Release 09-43
May 11, 2009

    Karen Caesar
Car dealership fined $175,000 for installing unapproved aftermarket parts

SACRAMENTO - The Air Resources Board fined Sunrise Ford, a car dealership with outlets in North Hollywood and Fontana, $175,000 last month for illegally modifying 2005 through 2007 model year light- and medium-duty vehicles with an aftermarket device before the vehicles were sold.

The part, called a Fuel Maximizer, is intended to improve gas mileage and performance in cars by changing the flow of air as it mixes with the gasoline before combustion. Discovery of the unapproved parts was made during a routine dealer inspection.

"We expect dealers to follow the law, which requires that certified aftermarket parts only be installed after a vehicle is sold," said ARB Chairman Mary D. Nichols. "Our air quality can suffer when careless mistakes are made, so we hope this fine sends a strong message."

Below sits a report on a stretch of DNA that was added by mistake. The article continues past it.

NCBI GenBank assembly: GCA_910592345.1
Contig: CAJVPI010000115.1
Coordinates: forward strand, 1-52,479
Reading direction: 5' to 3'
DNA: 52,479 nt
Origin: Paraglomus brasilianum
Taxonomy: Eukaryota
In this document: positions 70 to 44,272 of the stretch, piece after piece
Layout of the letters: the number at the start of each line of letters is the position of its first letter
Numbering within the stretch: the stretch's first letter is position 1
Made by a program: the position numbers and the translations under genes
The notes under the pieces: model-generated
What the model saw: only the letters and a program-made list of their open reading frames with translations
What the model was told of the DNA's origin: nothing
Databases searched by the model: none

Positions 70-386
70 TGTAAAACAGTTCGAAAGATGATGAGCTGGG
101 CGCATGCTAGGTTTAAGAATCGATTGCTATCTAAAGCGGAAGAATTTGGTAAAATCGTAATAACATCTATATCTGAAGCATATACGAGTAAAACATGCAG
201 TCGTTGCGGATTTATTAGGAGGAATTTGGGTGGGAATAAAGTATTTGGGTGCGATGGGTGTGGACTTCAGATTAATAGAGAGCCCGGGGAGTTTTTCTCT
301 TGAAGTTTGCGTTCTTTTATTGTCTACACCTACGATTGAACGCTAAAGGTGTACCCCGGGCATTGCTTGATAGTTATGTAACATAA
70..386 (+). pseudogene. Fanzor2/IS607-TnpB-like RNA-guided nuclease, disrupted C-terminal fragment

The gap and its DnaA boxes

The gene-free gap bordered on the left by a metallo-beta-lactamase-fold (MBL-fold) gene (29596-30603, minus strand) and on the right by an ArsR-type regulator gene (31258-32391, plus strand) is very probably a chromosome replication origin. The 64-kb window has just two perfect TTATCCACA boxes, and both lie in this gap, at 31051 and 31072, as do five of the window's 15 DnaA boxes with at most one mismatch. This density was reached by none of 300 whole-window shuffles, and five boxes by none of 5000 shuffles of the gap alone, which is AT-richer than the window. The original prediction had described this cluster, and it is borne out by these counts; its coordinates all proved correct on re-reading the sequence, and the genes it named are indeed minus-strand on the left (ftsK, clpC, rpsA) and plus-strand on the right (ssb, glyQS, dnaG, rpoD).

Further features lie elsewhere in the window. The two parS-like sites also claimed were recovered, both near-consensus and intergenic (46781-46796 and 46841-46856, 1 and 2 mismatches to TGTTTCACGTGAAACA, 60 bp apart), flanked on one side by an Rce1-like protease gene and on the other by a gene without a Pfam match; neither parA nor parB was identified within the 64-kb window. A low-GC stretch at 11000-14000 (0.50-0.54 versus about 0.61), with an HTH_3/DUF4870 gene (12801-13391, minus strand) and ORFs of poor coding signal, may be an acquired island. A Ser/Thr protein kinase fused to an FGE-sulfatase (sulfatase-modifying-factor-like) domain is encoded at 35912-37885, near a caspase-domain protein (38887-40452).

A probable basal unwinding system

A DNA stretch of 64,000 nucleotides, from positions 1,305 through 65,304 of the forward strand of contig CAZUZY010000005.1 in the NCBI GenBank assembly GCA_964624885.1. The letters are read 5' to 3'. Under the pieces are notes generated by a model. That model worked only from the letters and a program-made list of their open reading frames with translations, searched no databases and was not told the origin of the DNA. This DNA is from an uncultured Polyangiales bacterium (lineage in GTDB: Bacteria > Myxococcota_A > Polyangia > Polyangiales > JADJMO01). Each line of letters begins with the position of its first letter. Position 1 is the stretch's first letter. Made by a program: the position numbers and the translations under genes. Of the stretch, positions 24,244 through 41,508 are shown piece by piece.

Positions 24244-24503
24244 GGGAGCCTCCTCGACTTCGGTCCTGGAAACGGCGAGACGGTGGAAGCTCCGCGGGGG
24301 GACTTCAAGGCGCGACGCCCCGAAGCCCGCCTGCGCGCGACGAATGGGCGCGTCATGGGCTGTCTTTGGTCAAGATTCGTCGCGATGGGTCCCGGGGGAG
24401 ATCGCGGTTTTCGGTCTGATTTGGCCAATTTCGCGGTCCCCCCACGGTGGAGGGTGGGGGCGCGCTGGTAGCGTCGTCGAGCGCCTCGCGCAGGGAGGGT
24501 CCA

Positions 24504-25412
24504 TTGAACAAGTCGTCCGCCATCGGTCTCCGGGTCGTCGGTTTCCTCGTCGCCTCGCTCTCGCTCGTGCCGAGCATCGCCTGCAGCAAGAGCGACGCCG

It is illegal in the state of California to perform modifications on a new car prior to sale. Modifying car engines can increase harmful emissions and may lead to the vehicle failing California's smog test.

Per the terms of the settlement, Sunrise Ford will pay a total of $175,000 to the California Air Pollution Control Fund which supports research and programs intended to reduce California's carbon footprint.

California's air quality measures are in place to prevent excessive emissions that can negatively affect public health. Ozone, also known as urban smog, can cause difficulty breathing, shortness of breath, coughs, heightened asthma rates, cardiopulmonary ailments and premature deaths.

The Air Resources Board is a department of the California Environmental Protection Agency. ARB's mission is to promote and protect public health, welfare, and ecological resources through effective reduction of air pollutants while recognizing and considering effects on the economy. The ARB oversees all air pollution control efforts in California to attain and maintain health based air quality standards.